Books like watership down

The Master and Margarita

Although the novel was written in the 1930s, it did not see the light of day until 1966, in Moskva magazine and in a censored edition. This is not surprising, since the work is a harsh and incisive satire of Soviet society, its corruption, its mediocrity and its hunger. It inspired the Rolling Stones ‘ theme Sympathy for the Devil

Postman (1971) by Charles Bukowski

It is a bittersweet satire on the monotonous work of a postal clerk, work that the author did for twelve years of his life. It is the first novel written by Bukowski. Its protagonist, Henri Chinaski, the author’s alcoholic, misanthropic and womanizing alter ego , will later appear again in Factotum , Loser’s Path , Hollywood and Women .

Blonde (2000) by Joyce Carol Oates

Surely you have heard something about the adaptation that Netflix is ​​doing with Ana de Armas as the protagonist… Our conclusion is that Netflix does not understand Marilyn Monroe either , because apparently the directors were scandalized by the level of violence and disgust that the film provokes. It is clear that they have not read the novel by Joyce Carol Oates, a queen of the thriller, always a candidate for the Nobel , who in Blondebuilds a monumental fictionalized biography of the actress. Aside from being fabulously well written, what is exciting about this work is that the reader has the feeling of finally understanding the complex personality of Norma Jean and the projection of a character like Marilyn, and all knowing that there are infinite gaps filled by the mind and the pen of the author. It contains a vibrant and stark feminist drive, an accurate portrait of cinema as an industry, as an illusion and as a landfill and, above all, an emotional autopsy that seeks and finds all the traces of mistreatment of a human being turned into a myth.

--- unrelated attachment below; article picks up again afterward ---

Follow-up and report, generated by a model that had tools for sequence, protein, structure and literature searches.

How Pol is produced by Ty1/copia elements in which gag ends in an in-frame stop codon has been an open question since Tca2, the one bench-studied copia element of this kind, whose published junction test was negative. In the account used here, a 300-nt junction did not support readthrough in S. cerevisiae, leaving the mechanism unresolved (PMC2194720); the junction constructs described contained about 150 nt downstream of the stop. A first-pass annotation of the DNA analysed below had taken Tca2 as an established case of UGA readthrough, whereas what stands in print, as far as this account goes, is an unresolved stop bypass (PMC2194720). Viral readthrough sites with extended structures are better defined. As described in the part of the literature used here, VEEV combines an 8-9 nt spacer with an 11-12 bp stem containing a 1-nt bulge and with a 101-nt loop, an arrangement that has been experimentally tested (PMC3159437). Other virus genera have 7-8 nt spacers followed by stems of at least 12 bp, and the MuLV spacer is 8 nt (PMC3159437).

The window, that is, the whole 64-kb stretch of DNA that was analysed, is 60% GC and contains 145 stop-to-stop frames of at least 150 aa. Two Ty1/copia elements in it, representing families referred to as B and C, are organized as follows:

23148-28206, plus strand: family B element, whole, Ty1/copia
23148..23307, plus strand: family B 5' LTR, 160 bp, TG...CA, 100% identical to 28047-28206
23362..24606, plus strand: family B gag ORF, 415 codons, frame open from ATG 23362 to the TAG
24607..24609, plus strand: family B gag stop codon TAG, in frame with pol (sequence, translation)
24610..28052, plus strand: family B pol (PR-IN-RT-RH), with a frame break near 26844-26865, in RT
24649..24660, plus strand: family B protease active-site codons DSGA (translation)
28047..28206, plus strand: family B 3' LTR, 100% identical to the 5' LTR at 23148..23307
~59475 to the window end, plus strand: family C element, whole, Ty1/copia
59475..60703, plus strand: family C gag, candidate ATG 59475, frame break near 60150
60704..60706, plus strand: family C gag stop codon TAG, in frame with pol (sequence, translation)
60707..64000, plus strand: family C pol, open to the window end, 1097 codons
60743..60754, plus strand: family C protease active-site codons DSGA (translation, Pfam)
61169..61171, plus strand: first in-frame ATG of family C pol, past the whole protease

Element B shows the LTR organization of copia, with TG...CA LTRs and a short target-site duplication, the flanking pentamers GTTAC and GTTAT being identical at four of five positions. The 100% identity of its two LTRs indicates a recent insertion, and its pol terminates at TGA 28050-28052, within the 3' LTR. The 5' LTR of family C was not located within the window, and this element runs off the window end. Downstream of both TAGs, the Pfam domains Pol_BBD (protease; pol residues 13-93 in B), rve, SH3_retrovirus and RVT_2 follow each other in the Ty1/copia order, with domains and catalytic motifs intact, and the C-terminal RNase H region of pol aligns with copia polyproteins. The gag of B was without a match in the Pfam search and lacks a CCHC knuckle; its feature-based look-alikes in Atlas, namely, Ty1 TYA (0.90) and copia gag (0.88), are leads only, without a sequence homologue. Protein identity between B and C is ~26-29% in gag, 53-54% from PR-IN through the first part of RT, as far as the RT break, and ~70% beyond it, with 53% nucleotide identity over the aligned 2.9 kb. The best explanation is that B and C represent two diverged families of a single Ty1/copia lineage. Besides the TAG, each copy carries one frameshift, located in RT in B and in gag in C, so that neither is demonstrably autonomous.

Treasure Island

A journey far from home, a map with a mysterious X, the black mark, pirates, a desert island, a treasure… the definitive adventure novel. Treasure Island has fueled the imagination of children and adults, movies, video games and comics, for over a century.

No matter how old you are when you read or reread Treasure Island you will immediately become young Hawkins and you will take the book between fascination and fear for how much there is violent, noble and evil in the world. And to Long John Silver, Hawkins’ surrogate father and pirate, lame, and trickster. And it is that nobody who knew John Silver in Victorian England would want to be a gentleman. That’s where we get Captain Jack Sparrow, pirate of pirates.

Heart of Darkness

If you’ve seen Apocalypse Now you already know what this is about. Francis Ford Coppola was fascinated by Conrad’s novel and spared no expense and insane filming to bring it, very loosely, to the screen. Instead of Vietnam, in Heart of Darknesswe find ourselves in the Belgian Congo where Marlow must find Kurtz, a commercial agent who is ill, although rumors and reports begin to indicate that it may be something else. It is a hallucinatory journey from civilization to barbarism, from a colonial administration harshly criticized by Conrad to the depths of the African jungle, a journey into madness. Conrad himself, who was a sailor for much of his life, made a similar journey and describes it as a physical and mental experience where you don’t know where the first ends and the second begins.

At least once in your life you have to read Kurtz’s last words, the most devastating existentialist sentence in an adventure novel: “The horror! The horror!”.

Wuthering Heights- Emily Bronte

Wuthering Heights tells of the passionate and terrible love story between Heathcliff and Catherine Earnshaw. With this novel the author wanted to present the inner world that she had and suffocated her, something that can be seen in the strength that emanates from each of the characters, their ability to move through brutality, at the same time that they manage to seduce the reader and wrap him in his story. Wuthering Heights tells us about a life of love, hate and revenge .

 Hopscotch